- The use of the routine annual disapplication resolutions is subject to certain conditions, including:
- the company must provide an explanation of the background to and reasons for the fundraising and the proposed use of proceeds in an announcement;
- to the extent that it is reasonably practicable and permitted by law, the company must consult with a representative sample of its major shareholders prior to announcement of the fundraising;
- as far as practicable, the fundraising should be made on a soft pre-emptive basis (i.e. the allocation policy should seek to replicate the company’s existing shareholder base);
- the company should give due consideration to the involvement, in the fundraising and/or in any follow-on offer, of retail investors and existing investors not allocated shares as part of the soft pre-emptive process. The number of shares issued in any follow-on offer should not exceed 20% of those issued in the main fundraising. The Updated Statement of Principles provides for an additional shareholder disapplication authority of up to 2% of the company’s issued ordinary share capital to be obtained on an annual basis in order to cater for this;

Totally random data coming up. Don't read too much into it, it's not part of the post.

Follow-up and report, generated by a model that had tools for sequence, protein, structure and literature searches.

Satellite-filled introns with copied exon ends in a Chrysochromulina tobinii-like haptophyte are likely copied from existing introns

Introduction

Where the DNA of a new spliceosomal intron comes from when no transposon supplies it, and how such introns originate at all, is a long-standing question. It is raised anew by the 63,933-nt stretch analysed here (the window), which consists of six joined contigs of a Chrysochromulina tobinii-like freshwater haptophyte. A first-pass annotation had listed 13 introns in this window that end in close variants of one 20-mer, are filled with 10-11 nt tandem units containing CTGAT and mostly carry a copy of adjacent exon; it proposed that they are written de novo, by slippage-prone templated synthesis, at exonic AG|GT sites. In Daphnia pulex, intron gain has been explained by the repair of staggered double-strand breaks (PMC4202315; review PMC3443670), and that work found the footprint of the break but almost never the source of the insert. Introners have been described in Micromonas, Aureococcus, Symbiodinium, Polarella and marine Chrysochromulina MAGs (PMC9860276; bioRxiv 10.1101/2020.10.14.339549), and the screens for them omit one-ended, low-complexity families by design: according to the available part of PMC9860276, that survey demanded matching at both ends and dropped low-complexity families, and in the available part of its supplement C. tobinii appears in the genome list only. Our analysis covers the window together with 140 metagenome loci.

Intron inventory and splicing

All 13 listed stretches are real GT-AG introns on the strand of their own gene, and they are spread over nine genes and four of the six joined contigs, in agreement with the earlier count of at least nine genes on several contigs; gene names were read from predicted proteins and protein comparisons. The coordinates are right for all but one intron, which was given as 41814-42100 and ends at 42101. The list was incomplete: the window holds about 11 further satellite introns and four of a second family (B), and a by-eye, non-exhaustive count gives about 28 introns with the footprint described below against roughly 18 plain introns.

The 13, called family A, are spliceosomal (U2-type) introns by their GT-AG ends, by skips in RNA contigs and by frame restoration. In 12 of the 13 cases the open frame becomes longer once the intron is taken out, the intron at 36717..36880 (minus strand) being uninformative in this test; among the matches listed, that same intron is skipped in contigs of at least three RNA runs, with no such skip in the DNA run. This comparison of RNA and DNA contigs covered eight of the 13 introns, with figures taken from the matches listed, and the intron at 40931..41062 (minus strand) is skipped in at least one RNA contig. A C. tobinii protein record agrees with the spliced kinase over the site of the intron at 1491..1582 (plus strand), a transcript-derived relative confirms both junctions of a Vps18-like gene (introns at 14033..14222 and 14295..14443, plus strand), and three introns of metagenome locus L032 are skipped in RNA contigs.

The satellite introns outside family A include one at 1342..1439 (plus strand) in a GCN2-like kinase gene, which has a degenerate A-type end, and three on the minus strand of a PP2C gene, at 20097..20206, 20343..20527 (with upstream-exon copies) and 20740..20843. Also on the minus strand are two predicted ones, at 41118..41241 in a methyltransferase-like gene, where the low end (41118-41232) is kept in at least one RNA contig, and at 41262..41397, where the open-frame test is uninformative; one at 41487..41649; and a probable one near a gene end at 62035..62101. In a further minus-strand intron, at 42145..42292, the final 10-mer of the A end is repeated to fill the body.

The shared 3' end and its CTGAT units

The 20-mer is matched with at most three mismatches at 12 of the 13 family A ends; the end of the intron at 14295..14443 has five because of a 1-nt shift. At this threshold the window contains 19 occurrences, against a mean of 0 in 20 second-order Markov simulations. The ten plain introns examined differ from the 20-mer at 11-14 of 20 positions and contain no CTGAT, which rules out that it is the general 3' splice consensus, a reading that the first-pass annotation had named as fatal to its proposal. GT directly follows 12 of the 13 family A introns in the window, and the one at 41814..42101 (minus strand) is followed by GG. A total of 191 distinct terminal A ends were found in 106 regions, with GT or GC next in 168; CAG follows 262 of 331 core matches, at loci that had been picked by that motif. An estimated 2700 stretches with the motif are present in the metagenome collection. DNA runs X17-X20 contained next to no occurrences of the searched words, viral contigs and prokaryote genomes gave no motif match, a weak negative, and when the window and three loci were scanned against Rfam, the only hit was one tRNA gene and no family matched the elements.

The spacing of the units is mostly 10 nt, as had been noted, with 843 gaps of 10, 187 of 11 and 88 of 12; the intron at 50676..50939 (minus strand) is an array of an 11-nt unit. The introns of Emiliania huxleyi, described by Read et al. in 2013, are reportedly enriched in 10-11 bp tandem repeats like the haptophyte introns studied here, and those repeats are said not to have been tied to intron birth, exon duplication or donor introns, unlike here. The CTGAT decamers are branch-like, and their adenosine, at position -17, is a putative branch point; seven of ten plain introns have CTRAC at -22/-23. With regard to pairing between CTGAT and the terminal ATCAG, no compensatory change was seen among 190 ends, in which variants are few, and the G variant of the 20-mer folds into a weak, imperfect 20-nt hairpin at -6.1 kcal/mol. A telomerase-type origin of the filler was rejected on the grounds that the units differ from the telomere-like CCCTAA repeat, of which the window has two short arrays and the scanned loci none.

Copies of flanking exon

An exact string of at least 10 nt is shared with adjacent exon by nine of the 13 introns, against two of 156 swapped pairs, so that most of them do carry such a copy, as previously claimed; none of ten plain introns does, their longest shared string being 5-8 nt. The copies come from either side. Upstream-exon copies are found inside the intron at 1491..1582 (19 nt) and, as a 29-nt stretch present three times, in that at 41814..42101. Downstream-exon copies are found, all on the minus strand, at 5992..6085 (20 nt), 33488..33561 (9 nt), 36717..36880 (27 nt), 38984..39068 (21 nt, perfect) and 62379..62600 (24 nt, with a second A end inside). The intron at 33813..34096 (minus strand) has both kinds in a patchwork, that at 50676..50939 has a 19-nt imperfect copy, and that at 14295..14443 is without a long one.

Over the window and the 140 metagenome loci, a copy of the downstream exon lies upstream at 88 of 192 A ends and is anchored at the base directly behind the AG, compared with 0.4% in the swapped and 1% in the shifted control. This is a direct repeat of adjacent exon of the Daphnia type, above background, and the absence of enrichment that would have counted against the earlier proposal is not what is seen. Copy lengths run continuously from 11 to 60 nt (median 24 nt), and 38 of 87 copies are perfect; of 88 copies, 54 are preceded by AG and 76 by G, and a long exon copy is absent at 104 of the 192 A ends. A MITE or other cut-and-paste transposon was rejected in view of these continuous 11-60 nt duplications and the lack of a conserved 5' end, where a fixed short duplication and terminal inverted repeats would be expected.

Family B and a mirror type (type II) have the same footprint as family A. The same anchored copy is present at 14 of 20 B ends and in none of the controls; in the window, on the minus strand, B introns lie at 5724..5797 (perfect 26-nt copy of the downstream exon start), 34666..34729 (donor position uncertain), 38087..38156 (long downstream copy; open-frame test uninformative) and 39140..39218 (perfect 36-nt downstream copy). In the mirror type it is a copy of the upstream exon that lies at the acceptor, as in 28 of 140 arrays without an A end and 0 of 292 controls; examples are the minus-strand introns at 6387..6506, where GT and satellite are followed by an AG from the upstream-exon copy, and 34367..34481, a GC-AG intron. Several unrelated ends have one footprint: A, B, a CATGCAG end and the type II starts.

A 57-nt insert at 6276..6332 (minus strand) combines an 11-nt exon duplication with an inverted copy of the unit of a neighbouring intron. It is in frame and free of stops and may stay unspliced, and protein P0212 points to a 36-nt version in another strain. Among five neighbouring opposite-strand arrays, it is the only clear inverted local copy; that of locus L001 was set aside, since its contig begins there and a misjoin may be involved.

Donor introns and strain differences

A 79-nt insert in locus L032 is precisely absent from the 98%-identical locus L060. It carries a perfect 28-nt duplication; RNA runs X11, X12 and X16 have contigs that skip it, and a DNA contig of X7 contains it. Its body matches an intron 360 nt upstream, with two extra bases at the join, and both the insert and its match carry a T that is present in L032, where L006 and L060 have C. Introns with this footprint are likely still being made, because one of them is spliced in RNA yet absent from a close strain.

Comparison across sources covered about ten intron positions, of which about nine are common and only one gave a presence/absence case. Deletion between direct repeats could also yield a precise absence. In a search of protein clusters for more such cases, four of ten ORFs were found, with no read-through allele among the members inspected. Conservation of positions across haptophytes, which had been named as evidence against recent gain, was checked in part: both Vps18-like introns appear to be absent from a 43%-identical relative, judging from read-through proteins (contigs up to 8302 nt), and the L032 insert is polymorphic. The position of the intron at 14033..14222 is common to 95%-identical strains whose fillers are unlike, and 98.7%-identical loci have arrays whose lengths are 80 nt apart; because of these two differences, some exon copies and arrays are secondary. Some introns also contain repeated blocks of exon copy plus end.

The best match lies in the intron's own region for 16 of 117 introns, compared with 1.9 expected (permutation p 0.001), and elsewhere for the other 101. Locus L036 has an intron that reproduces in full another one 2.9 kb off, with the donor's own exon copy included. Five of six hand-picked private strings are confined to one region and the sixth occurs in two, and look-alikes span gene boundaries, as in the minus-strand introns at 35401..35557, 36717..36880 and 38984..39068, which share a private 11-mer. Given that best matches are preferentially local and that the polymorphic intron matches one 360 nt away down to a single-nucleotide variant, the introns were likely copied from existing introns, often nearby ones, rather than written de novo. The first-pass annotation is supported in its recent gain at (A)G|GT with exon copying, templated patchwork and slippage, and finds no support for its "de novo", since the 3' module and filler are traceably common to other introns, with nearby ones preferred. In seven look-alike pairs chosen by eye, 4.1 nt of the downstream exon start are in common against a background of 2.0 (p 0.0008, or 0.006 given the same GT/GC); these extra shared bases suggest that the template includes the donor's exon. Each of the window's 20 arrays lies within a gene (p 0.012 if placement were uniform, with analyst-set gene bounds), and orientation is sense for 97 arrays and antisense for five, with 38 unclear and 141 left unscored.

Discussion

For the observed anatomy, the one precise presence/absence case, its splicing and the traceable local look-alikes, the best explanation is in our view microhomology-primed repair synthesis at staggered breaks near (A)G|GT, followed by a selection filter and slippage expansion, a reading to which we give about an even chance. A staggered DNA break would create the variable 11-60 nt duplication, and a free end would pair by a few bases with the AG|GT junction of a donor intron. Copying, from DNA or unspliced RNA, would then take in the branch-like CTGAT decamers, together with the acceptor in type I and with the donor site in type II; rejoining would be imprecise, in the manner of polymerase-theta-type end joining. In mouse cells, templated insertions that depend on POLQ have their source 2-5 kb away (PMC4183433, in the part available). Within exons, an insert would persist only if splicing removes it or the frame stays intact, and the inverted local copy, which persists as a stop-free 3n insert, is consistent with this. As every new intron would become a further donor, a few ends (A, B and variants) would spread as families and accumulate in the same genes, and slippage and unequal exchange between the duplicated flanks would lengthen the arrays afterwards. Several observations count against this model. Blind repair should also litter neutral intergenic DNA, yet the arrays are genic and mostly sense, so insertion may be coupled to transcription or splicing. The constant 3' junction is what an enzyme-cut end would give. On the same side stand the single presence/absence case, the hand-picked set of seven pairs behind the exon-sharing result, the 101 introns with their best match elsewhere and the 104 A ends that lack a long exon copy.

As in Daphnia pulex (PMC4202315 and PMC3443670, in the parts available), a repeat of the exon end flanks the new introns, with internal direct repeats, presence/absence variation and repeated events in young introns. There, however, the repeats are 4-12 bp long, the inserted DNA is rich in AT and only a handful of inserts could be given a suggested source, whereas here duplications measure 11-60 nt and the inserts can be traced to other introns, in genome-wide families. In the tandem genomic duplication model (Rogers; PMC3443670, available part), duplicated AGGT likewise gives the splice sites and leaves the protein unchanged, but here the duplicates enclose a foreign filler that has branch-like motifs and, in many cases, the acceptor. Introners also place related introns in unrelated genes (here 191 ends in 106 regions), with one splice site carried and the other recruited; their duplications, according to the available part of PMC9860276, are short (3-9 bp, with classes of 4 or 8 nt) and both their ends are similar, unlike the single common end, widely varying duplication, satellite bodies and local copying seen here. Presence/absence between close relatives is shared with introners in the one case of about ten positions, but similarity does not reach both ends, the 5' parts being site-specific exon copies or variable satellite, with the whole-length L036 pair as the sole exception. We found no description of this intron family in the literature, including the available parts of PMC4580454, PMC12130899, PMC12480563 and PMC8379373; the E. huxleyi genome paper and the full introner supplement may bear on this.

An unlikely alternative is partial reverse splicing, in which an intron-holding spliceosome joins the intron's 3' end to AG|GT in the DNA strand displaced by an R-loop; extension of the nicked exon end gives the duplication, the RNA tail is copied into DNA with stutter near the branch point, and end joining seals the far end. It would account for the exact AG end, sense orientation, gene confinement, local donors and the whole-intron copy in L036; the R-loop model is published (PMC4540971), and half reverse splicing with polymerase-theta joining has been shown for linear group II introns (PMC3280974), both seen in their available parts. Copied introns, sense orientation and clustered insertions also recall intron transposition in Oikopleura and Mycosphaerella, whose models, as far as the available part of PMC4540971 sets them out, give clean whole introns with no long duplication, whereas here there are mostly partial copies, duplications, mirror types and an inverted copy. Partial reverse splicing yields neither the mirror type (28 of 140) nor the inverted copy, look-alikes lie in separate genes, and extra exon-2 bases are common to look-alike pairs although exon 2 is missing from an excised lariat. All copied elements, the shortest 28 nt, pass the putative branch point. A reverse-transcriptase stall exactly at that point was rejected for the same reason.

- company management should be involved in the allocation process; and
- the company must make a post-transaction report in a prescribed format within one week of completion of the fundraising. The report should be publicly announced through a regulatory information service and submitted to PEG for inclusion in its Pre-Emption Database (a publicly searchable resource). Details of how due consideration was given to the interests of retail investors and existing investors not allocated shares as part of the soft pre-emptive process should be included in the post-transaction report.
The expected features of any follow-on offer which a company carries out in connection with a fundraising for retail or existing investors not allocated shares as part of the soft pre-emptive process are set out in the Updated Statement of Principles and cover the timing and pricing of the follow-on offer (which should be equal to or less than the offer price for the fundraising).
Additional flexibility for capital-hungry companies
Companies that need to raise larger amounts of capital more frequently (referred to in the Updated Statement of Principles as “capital-hungry companies”) may seek additional disapplication authority (i.e. in excess of the 20% limit that otherwise applies), for use whether or not in connection with an acquisition or a specified capital investment, if the reason for exceeding the limits set out in the Updated Statement of Principles is specifically highlighted at the time at which the request for a disapplication is made. They may also obtain such authority for a longer period than usually applies (being no more than 15 months or until the company’s next annual general meeting). The UK Companies Act 2006 allows for disapplication authorities to last for up to five years when obtained alongside an allotment authority for the same period.